HySchool Webinar: Leonardo Giannini & Petar Bosnic
The next HySchool Webinar will take place on Teams at 10:00 CET on 20 February 2024. Two admitted PhD students will each be holding a 15-minute presentation + Q&A session on their research topic.
You will find powerpoints from the presentations under "Documents" after the webinar.
PhD student at NTNU
Natural Events and Hydrogen Subsea Pipelines: Implications on Planning Inspections Based on Risk
The idea behind planning inspections in accordance with assessed risk (RBI) derives from the intrinsic heterogenous distribution of the latter in industrial equipment. Central to this concept is the existence of critical components, that has two main implications. On one hand, items prone to hazardous failures should be meticulously evaluated by means of inspection protocols and preventive maintenance operations, with the purpose of minimizing the associated risk. On the other hand, risk-irrelevant equipment might be inspected with less effort, relying on the fact that such tools are either associated with an extremely low probability to fail or that the consequences of such failures have generally negligible repercussions on the broader industrial framework. This premise encapsulates the concept of RBI planning, which is often implemented for pressurized equipment. Within the context of subsea hydrogen steel pipelines, it is well-known that material integrity may be affected by hydrogen-assisted damages – thus potentially increasing failure probability – and RBI could be useful to assess material degradation and the following safety implications.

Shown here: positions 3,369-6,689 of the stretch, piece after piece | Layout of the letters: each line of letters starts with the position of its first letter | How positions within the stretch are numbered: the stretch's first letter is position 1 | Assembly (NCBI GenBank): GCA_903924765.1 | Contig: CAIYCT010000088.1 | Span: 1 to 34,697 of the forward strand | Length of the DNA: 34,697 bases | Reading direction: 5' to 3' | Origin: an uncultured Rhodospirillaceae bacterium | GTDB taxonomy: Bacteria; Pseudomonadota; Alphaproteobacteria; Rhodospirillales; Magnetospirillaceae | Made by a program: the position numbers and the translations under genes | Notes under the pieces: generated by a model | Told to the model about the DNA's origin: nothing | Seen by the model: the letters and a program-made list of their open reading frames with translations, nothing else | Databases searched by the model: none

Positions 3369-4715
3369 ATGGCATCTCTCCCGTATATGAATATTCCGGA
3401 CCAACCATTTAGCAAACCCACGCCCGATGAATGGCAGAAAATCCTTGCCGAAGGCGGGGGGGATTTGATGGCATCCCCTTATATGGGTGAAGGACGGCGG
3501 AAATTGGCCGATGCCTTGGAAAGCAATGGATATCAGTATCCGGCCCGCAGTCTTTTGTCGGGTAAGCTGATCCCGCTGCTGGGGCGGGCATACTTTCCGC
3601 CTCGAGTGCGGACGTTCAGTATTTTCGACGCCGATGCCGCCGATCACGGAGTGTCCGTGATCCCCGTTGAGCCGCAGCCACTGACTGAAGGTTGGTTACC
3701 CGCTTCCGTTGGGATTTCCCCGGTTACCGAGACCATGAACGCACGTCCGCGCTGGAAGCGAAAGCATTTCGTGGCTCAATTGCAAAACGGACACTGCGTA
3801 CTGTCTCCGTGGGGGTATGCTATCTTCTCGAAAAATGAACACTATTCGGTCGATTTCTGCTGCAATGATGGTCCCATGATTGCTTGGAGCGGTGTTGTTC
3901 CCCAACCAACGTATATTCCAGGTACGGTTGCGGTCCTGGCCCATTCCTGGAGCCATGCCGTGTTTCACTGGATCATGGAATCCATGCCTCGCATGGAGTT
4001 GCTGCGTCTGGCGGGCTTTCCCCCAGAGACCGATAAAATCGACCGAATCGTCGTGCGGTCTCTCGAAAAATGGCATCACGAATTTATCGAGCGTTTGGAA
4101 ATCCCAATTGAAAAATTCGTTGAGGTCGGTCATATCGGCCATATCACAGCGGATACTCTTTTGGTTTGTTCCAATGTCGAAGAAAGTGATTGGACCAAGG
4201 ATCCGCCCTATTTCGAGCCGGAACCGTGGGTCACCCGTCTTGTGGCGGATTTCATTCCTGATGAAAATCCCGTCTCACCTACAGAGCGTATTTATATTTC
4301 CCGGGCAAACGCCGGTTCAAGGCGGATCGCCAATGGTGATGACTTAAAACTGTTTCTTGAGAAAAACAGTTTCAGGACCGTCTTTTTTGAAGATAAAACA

However, hazards posed by rare events do exist and they could be characterized by extremely severe consequences. Notably, these encompass underwater landslides and subsea earthquakes, rare phenomena that may induce a loss of containment in subsea transport systems, as already pointed out in previous studies. In this light, the assessment of whether Natech (natural-hazards-triggered technological accidents) events should be considered in the evaluation of risk in RBI planning and their potential in posing realistic and serious hazards to subsea hydrogen pipelines is intricate, and this work aims at investigating this aspect. In fact, consequences may be severe, so a valuable inspection strategy may include Natech-related scenarios to promote safety for hydrogen technologies. Hence, a preliminary approach for Natech-risk informed inspection planning and the expected outputs of the model are presented as an overall result.
PhD-student at USN
Detonations in Risk Assessment of Hydrogen Systems
The rising importance of hydrogen in energy and its role in decarbonizing maritime and industrial sectors bring significant safety challenges due to its unfavourable physical properties, like molecular size and flammability limits. Accidental explosions pose substantial risks, with the potential for severe financial losses, injuries, or fatalities. Most incidental releases of flammable gases don't encounter ignition sources, but when ignition happens, it typically leads to deflagrations, generating moderate overpressure levels. Under certain conditions, a slow deflagration can accelerate into a faster one due to factors like turbulence-induced flame surface expansion, possibly triggering deflagration to detonation transition (DDT). This transition could lead to a propagating detonation, rapidly consuming the remaining combustible cloud, resulting in the most extreme catastrophic scenario.
The main objective of the research project is to understand the physics of gas explosions and numerical modeling of reactive, turbulent, and supersonic flows. The aim is to develop a computational fluid dynamics (CFD) solver for predicting DDT in gas mixtures containing hydrogen using under-resolved methods. This presentation will cover topics of hydrogen safety, gas explosions and CFD in OpenFOAM.
Microsoft Teams meeting